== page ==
In general, one should have a higher expectation of accuracy for a short-term forecast than a long-term forecast, and the uncertainty becomes greater the further into the forecast period one arrives. These long-term forecasts will primarily tell something about the expected development and trend in the weather three weeks into the future. Therefore, both the level of detail and the time resolution in the weather forecast change depending on how far into the forecast period you get. On the next few days in the regular weather forecast, for example, you will be told at what time you can expect precipitation, while in week three, instead, it is stated how likely it is that precipitation will occur during a given day. Correspondingly, the time resolution also changes the further into the warning period you arrive. In the first few days you can see weather farecasts every hour, after a few days you will only get forecasts every six hours, and in the last half of the period you will only get forecasts for one day at a time. This way, the uncertainty in the forecast is taken into account. For industries that have to adapt operations to the weather conditions, such as for food producers or ship traffic in challenging areas, the trends in the weather development are important information. Other industries that can benefit from weather forecasts for several weeks ahead are, for example, the power and insurance industries. Even if the uncertainty becomes greater, verification results nevertheless show that it is possible to say something about the weather three weeks ahead at the level of detail we have chosen to display.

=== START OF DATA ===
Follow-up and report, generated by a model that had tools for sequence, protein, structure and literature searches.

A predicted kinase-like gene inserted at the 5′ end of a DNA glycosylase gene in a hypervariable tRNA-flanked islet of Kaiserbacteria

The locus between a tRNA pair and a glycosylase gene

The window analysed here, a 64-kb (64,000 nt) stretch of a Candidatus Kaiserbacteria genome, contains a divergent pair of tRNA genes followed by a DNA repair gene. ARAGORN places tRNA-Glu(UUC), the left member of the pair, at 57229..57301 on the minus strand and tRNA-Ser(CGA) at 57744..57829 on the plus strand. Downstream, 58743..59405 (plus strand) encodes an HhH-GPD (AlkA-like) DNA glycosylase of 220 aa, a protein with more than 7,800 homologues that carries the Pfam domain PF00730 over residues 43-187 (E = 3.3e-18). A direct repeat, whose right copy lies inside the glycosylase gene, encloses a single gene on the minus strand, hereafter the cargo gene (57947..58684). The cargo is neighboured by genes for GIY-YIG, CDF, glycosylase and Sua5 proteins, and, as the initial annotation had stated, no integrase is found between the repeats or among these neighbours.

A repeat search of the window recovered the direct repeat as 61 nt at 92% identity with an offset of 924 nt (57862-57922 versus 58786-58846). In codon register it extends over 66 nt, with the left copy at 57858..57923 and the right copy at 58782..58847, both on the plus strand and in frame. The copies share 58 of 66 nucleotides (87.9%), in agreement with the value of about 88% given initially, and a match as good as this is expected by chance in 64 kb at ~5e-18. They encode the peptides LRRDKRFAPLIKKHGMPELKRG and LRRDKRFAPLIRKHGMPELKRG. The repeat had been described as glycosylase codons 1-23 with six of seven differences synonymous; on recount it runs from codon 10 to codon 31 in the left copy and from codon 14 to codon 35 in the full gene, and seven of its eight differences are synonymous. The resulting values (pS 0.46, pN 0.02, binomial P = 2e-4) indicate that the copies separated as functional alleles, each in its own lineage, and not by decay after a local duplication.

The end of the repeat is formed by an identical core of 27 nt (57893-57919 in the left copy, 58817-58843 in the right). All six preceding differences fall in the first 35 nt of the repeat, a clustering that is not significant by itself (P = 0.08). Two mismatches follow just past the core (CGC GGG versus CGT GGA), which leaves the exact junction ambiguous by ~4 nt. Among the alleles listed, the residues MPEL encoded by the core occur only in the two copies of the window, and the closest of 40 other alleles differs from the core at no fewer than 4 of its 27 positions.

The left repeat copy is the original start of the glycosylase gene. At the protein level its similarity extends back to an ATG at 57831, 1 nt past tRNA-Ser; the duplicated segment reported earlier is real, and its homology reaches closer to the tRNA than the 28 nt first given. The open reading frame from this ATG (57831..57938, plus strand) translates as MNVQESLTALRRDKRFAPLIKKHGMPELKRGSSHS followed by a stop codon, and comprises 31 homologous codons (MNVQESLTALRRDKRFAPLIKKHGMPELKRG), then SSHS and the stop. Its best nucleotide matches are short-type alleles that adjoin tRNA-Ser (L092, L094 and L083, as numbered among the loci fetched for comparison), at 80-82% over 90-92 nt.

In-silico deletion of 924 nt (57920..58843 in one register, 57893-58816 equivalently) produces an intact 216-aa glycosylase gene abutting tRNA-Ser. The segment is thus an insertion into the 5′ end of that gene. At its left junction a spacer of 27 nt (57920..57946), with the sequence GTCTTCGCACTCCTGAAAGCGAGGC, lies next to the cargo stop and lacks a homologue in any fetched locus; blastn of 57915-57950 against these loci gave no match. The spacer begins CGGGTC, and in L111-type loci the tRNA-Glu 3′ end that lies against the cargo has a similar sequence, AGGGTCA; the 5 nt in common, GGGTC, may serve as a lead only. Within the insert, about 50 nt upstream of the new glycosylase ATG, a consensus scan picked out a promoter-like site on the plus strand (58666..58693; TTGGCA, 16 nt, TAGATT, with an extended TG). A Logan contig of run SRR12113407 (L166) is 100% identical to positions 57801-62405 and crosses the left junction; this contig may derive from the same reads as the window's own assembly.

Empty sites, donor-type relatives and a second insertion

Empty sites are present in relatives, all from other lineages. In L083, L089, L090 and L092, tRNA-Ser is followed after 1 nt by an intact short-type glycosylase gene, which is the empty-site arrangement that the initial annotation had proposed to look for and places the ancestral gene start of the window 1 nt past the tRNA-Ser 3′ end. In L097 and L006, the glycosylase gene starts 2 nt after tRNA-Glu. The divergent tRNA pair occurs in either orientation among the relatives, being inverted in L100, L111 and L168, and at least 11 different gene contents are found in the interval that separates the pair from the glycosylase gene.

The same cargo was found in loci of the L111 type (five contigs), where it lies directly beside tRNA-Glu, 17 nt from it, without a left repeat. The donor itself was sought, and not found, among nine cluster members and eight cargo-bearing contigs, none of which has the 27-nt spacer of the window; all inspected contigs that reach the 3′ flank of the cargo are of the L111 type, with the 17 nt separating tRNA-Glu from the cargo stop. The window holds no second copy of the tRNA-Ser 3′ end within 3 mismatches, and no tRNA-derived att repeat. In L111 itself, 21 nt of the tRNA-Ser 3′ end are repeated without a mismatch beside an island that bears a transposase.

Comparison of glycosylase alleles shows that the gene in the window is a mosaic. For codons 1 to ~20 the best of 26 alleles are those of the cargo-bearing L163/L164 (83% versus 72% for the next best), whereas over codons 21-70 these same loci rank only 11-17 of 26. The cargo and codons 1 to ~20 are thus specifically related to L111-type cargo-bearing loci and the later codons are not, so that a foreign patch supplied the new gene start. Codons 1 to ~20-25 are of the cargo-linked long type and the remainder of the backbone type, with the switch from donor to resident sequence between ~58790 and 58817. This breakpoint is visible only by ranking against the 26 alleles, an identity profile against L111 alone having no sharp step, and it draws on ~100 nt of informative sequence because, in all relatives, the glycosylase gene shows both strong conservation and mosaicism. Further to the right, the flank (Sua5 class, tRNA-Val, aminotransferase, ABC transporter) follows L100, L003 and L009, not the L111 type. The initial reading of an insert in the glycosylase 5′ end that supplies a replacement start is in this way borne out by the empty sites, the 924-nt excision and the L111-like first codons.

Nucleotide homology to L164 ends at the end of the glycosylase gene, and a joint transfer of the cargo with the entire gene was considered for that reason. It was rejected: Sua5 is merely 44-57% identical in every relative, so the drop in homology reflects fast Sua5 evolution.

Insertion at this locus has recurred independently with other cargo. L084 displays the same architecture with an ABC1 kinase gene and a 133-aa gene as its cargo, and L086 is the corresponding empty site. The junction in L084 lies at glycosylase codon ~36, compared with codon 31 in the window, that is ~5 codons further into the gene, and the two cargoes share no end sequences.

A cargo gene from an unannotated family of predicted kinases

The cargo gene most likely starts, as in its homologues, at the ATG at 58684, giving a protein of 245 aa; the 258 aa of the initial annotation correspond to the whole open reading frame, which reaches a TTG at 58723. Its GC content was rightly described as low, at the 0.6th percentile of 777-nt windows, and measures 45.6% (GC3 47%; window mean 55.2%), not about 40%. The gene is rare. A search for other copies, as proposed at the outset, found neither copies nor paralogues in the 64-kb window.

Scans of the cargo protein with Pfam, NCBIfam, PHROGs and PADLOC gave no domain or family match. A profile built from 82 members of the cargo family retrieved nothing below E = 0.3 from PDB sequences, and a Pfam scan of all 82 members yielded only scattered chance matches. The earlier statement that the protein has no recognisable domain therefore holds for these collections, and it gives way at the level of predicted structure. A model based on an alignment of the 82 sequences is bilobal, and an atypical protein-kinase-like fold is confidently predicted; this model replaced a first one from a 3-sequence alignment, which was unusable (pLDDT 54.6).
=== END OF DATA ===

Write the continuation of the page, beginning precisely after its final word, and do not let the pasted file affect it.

Give us feedback
The 21-day weather forecast is under development, and we would therefore very much like to hear about your experiences with the forecast. What do you think about this? Are there parts of this forecast that were helpful to you, and did you use the forecast to make any decisions? On Beta-Yr you will find the opportunity to give your feedback (please note that the feedback form is in Norwegian). When we have enough experience with this test version of the 21-day forecast, we will develop it further and it will also appear on the regular Yr page.
In collaboration with Climate Futures
The development of the forecast is a collaboration between NRK, the Meteorological Institute (MET) and Climate Futures. Climate Futures is a Center for Research-Driven Innovation (SFI) that develops climate forecasting from 10 days to 10 years ahead for managing climate risks in weather- and climate-exposed sectors, and MET is one of the collaboration partners. One of the aims of Climate Futures is to make society as well equipped as possible to be prepared for, and be able to cope with, more extreme weather events and phenomena. An example of the potential usefulness of such a warning is that players in agriculture can anticipate and prepare for prolonged drought in the summer. The weather data in the new long-term forecast is obtained from the meteorological center in Reading, ECMWF.